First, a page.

How to Beat Seasonal Affective Disorder

Winter and seasonal affective disorder (SAD) often go hand in hand — particularly when darker days start rolling in. And with shorter days too, there is a much smaller window of opportunity to get outdoors. It’s not surprising that many of us start feeling down in the dumps. For some, Summer Lockdown 1.0 probably seemed a walk in the park compared to Winter Lockdown 2.0.

SAD is a form of depression that typically occurs in the latter part of the year. It is thought that the downward shift in light exposure triggers the symptoms. Less sunshine means less production of serotonin, our happy hormone. Throw in some extra melatonin, the sleep hormone, because are bodies are going into a hibernation of sorts and you might start to feel a lot more lethargic too.

There are several ways in which we can naturally combat the effects of SAD:

Natural light exposure 
Light exposure stimulates natural energy responses and balances the circadian rhythm, and it’s a crucial element in the battle against SAD. Aim to get outside and get at least ten minutes of power-boosting light. Just make sure you leave the sunglasses at home.

And if you’re feeling sluggish mid-afternoon go for a brisk walk around the block, but remember not to leave it too late when the sun starts to set. If you’re trapped at home, sit by the window. Or go into a room with plenty of natural light, and sit and bathe in it for an hour.

Vitamin D 
Sunlight is a great way to get your daily dose of essential Vitamin D. It’s no surprise that people often need to take supplements during the winter months in order to top up their levels. It is thought that low levels of Vitamin D might be one of the triggers of SAD. This essential vitamin is important as it helps fight fatigue and low mood.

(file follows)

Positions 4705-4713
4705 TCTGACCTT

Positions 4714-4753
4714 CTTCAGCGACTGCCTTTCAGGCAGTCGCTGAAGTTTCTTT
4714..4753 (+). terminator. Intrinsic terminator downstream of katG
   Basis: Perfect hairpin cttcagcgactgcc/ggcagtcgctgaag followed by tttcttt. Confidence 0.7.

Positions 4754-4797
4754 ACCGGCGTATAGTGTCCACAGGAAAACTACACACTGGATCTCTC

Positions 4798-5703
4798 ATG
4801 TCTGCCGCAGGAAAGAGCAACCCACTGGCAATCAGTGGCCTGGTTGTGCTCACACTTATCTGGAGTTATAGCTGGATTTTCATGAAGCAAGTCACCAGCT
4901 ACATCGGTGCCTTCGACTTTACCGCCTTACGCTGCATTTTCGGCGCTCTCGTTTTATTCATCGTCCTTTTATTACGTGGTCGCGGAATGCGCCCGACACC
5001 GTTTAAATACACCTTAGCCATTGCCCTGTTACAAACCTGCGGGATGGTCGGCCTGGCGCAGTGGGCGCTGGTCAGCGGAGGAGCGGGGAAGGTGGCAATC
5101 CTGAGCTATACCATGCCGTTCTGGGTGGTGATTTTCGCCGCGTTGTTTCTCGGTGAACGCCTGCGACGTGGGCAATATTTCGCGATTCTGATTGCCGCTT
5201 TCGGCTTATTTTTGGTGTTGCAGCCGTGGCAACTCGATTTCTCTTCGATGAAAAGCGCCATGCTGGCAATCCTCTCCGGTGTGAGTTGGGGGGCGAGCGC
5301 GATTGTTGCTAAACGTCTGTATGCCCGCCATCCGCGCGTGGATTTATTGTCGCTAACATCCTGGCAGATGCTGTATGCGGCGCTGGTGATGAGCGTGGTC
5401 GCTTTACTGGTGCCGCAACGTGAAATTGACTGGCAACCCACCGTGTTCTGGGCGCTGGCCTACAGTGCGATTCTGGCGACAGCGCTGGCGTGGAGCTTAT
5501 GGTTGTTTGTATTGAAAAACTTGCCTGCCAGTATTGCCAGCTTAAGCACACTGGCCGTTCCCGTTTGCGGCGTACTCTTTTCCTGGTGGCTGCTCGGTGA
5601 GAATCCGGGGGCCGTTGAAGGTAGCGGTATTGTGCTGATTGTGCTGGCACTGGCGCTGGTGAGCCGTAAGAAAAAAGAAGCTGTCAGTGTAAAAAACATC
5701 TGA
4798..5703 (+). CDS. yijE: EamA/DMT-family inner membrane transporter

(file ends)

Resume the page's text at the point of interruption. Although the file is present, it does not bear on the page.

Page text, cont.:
You could opt for a daily Vitamin D supplement, but it is always recommended that you work with a practitioner before taking supplements. The UK Recommended Daily Intake for Vitamin D is 10mcg/ 400 IU. Our advice is to get tested for your Vitamin D levels first.

The NHS recommends 75 minutes of high intensity exercise or 150 minutes of moderate movement a week. Exercise releases the mother of all hormones, serotonin, which will increase your levels of happy and hopefully keep the sad at bay. For double points, combine your exercise with some fresh air and natural light. Go for a jog, a cycle or go for a walk in the park.

Light Therapy 
A recent double-blind randomised controlled study found that light therapy was just as effective as a common SSRI drug at improving symptoms of SAD in patients. [1] That’s why we sometimes recommend buying a therapy lightbox. These are thought to help ease the symptoms of SAD by replacing natural light exposure and increasing the levels of both melatonin and serotonin. Make sure you sit about 1 metre away from the lightbox in order to maintain safe distance from the glare.